Citizens protest proposed crime bill

Canadians concerned over the federal government’s tough on crime stance took their message to the politicians Thursday.

A handful of citizens rallied outside Nanaimo-Cowichan NDP MP Jean Crowder’s office on Victoria Crescent Thursday

A handful of citizens rallied outside Nanaimo-Cowichan NDP MP Jean Crowder’s office on Victoria Crescent Thursday

Canadians concerned over the federal government’s tough-on-crime stance took their message to the politicians Thursday.

Armed with copies of a petition signed by more than 29,000 Canadians, citizens rallied outside 160 MP offices across the country – including Nanaimo-Cowichan NDP MP Jean Crowder and Nanaimo-Alberni Conservative MP James Lunney – protesting the Safe Streets and Communities Act (Bill C-10) currently working its way through Parliament.

The bill calls for mandatory minimum sentences, tougher penalties for drug offences, tougher penalties for sexual offences against children, stiffer sentences for violent and repeat young offenders, an end to conditional sentences, an elimination or delay in eligibility for pardons for serious crimes and more.

The rallies, organized by the activist group Leadnow.ca and Reclaim our Democracy Canada, drew a handful of supporters at both Crowder’s office on Victoria Crescent and Lunney’s office at Dickinson Crossing.

“Stephen Harper will tell you he was voted in to be tough on crime, but he’s not speaking for all the Canadian people,” said Barbara Kohlman, rally organizer at Crowder’s office. “Putting people in jail with longer sentences has been proven around the world not to work. But our government is not listening.”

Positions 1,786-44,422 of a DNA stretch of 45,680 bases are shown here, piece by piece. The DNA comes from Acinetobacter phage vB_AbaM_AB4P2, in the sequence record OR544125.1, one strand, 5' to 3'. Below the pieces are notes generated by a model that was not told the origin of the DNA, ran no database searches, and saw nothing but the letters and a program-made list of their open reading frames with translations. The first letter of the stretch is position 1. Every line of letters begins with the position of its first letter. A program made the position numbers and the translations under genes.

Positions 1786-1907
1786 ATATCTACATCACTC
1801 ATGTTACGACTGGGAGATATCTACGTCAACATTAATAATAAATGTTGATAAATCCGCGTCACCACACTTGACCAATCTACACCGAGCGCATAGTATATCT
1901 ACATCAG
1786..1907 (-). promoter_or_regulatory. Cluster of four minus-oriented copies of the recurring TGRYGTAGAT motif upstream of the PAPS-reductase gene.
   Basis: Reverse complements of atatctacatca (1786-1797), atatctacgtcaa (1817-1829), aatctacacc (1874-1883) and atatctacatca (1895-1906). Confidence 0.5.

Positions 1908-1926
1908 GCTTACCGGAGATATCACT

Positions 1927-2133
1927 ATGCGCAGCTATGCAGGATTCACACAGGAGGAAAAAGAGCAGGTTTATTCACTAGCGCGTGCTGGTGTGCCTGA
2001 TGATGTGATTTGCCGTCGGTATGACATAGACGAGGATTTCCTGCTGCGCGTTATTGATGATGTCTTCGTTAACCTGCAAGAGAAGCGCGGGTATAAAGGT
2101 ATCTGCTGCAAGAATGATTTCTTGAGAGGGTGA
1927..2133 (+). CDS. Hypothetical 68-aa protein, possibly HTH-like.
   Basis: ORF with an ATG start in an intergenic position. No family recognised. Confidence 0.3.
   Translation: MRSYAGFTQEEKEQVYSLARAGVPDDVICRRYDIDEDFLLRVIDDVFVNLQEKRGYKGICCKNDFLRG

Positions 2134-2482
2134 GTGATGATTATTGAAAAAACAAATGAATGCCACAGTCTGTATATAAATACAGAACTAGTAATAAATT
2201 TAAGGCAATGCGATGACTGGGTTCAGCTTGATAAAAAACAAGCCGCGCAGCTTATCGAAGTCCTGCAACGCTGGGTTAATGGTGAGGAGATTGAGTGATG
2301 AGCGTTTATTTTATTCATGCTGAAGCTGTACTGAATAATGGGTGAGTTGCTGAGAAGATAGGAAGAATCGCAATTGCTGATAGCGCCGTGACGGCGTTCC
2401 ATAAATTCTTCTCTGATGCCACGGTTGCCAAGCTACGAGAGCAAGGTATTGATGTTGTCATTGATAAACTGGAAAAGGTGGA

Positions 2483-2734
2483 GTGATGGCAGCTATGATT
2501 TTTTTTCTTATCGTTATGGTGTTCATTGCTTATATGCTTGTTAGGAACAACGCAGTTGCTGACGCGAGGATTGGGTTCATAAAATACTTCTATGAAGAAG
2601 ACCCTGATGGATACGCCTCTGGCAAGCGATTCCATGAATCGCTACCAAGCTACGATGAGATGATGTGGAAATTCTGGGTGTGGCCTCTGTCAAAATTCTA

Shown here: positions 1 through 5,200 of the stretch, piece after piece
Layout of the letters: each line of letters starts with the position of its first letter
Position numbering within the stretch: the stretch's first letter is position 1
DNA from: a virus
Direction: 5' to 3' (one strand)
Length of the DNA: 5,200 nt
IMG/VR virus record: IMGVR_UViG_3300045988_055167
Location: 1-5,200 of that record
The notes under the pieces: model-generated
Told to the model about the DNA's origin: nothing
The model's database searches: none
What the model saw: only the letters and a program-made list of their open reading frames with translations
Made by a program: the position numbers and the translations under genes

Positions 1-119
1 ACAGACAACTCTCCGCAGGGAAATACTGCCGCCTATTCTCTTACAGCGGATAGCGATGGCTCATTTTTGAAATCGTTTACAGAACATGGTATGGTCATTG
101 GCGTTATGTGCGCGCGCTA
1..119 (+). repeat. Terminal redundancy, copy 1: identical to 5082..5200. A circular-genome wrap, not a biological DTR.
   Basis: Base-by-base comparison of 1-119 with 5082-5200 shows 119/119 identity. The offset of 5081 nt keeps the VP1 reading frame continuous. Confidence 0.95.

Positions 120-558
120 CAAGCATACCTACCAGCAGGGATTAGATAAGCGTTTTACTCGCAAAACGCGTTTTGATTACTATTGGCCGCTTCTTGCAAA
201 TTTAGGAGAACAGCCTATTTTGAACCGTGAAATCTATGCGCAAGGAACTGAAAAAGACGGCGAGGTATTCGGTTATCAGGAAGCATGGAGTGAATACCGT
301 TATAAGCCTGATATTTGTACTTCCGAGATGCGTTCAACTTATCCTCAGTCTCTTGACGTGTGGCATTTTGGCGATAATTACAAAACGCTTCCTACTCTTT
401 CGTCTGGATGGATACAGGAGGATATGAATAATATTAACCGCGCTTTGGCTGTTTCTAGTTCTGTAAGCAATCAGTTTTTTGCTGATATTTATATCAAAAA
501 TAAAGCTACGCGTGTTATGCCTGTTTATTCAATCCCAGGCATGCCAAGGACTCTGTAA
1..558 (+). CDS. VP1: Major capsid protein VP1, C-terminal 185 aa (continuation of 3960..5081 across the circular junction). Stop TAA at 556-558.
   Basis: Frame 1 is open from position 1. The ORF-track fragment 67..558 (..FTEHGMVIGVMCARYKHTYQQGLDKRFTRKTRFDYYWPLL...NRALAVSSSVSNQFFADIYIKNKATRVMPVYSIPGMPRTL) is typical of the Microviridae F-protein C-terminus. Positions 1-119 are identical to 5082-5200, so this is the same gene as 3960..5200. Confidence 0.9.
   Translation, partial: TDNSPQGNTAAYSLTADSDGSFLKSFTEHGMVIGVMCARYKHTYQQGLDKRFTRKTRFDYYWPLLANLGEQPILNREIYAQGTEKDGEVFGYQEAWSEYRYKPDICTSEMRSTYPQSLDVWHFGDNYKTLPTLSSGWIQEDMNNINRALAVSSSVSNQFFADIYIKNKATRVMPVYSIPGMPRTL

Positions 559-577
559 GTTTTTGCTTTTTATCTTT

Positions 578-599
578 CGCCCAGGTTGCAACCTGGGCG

Kohlman said there are parts of the bill Leadnow agrees with, including harsher penalties for sexual offences and serious crimes.

“But we can’t support it the way it’s written right now,” she said. “They’re going to send teens to jail for shoplifting or growing a few pot plants. That means a criminal record that could ruin their lives.”

Bob Kopiyaka of Nanaimo attended the rally over concerns mandatory-minimum sentences for non-violent crimes is going to put people who shouldn’t be there in jail.

“There is no crime crisis in this country. We have the safest streets in the world,” he said. “This bill will fill up our jails and could cause the crime crisis it’s supposed to address.”

Both Crowder and Lunney were in Ottawa Thursday, but Kohlman handed Crowder’s constituency assistant a copy of the petition. No copy of the petition was given to Lunney’s staff.

Kohlman said the public is not as knowledgeable on the crime bill as it should be.

“This is one of the times Canadians cannot stand idly by,” she said. “The government will know they don’t have the support of all the Canadians by what we are doing.”